BAE Systems has begun production of the sensitive sensor technology that works with the Long Range Anti-Ship Missile (LRASM). The sensors will enable the missiles to detect and attack long-range threats to maritime vessels within groups of ships, including those protected by the latest anti-aircraft systems. The work is being performed as part of $40 million order from prime contractor Lockheed Martin. The LRASM with this advanced sensor technology provides protection for U.S. Naval and Air Force troops in challenged environments, keeping them beyond the reach of return fire.
The stealth LRASM system (see photo) is semi-autonomously capable of detecting and identifying targeted enemy ships at considerable distances. The sensor is well equipped with its own guidance and detection electronic subsystems—including precision routing and guidance capabilities—and doesn’t rely exclusively on additional external intelligence, surveillance, and reconnaissance (ISR) systems or GPS signals to track and disable a potential maritime threat.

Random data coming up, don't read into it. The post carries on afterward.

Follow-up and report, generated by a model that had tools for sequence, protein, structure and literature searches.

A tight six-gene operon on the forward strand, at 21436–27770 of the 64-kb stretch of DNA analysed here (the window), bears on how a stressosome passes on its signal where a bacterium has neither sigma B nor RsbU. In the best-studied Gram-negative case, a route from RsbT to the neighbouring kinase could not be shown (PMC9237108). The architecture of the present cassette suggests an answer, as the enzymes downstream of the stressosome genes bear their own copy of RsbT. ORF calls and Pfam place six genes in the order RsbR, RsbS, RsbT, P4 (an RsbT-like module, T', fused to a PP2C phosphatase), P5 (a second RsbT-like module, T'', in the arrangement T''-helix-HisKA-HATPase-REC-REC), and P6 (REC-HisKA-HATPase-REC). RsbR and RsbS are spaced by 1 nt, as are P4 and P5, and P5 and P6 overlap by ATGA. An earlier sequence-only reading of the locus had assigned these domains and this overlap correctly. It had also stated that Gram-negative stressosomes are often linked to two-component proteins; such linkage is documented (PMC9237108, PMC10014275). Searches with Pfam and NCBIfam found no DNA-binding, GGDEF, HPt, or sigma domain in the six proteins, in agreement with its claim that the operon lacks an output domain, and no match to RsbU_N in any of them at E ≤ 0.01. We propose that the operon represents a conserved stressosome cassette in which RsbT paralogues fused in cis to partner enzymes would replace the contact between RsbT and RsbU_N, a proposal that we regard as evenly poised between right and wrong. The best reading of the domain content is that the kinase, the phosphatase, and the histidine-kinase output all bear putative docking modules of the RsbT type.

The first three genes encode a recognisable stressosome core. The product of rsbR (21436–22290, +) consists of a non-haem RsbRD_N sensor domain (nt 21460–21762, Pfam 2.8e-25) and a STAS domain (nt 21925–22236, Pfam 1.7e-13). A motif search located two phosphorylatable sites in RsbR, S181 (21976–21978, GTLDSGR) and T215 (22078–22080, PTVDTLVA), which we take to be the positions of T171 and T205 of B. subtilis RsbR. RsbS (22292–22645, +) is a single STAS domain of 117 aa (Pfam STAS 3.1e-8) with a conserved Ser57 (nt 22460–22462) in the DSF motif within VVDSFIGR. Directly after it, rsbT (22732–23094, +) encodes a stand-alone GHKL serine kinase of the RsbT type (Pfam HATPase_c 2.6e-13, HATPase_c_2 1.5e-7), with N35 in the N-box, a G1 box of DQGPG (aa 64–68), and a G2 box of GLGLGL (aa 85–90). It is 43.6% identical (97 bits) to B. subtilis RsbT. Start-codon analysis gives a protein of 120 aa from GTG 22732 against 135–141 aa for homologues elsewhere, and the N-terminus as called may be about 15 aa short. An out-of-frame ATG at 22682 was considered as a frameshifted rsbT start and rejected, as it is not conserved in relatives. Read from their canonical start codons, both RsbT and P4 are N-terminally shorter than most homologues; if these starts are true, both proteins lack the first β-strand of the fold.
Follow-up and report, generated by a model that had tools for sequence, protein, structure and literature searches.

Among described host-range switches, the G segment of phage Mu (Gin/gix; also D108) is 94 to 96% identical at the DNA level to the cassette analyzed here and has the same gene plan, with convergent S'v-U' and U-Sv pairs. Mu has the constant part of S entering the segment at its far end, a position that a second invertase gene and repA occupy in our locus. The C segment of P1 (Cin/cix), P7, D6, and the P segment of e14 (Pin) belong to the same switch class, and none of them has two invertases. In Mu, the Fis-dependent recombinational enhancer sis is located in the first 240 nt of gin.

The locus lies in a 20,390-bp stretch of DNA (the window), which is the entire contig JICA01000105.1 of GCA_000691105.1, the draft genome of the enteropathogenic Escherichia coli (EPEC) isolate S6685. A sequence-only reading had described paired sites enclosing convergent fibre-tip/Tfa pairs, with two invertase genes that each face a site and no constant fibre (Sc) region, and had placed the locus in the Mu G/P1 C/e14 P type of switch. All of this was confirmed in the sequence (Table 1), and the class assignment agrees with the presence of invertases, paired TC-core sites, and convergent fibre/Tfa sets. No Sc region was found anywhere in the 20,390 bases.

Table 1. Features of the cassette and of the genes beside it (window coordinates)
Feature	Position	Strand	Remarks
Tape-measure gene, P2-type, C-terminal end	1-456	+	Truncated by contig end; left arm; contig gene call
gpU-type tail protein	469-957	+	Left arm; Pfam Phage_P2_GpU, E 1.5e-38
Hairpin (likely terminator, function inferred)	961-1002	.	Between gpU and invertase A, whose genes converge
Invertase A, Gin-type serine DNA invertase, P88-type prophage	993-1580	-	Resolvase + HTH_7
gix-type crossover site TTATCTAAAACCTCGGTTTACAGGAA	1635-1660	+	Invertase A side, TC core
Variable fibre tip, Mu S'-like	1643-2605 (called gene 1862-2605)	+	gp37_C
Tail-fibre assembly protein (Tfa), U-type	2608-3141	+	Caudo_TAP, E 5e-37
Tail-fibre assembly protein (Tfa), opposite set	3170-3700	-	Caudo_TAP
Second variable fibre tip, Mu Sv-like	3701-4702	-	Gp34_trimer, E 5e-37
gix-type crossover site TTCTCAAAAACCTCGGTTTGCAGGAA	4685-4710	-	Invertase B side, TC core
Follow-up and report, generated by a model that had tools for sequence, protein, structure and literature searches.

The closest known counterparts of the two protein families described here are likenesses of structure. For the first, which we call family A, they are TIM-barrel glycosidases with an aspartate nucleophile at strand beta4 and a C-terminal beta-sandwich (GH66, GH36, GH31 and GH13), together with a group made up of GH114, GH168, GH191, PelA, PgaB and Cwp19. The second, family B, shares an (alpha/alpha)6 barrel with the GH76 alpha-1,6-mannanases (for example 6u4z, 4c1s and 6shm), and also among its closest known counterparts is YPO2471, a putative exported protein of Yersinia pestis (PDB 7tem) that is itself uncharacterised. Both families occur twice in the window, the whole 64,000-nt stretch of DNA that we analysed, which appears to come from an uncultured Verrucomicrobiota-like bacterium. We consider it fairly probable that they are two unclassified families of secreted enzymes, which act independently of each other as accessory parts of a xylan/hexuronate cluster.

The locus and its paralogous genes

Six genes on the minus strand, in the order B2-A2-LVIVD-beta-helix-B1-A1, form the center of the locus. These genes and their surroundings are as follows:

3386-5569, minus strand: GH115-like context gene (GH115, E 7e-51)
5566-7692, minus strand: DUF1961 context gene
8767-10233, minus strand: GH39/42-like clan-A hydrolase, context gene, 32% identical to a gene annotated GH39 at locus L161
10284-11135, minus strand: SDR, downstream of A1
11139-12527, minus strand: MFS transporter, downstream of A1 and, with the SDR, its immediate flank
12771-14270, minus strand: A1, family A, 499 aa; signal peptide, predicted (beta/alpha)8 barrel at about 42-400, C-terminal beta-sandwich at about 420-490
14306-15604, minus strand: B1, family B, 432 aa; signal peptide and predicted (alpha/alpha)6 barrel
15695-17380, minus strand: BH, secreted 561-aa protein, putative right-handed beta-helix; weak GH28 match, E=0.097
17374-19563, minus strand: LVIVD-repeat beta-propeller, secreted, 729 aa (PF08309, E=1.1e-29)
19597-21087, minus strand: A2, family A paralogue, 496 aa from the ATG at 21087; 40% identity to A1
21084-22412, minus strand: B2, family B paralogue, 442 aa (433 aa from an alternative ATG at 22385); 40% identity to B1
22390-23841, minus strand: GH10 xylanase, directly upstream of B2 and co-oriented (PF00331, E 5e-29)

“The production of our advanced sensor for LRASM is a testament to the strength of our technology and our ability to transition the capability from airframes to missiles,” said Joseph Mancini, LRASM program manager at BAE Systems. “Precision guidance and advanced electronics are areas where we have leading capabilities, and where we can provide warfighters with an advantage on the battlefield.”
The advanced sensor system combines high-frequency signal detection, high-power computer processing, and software analysis to detect and discern potential threats in maritime environments. It is an example of BAE Systems’ capabilities in bringing multifaceted defense electronic systems to smaller operating platforms, such as for missile guidance.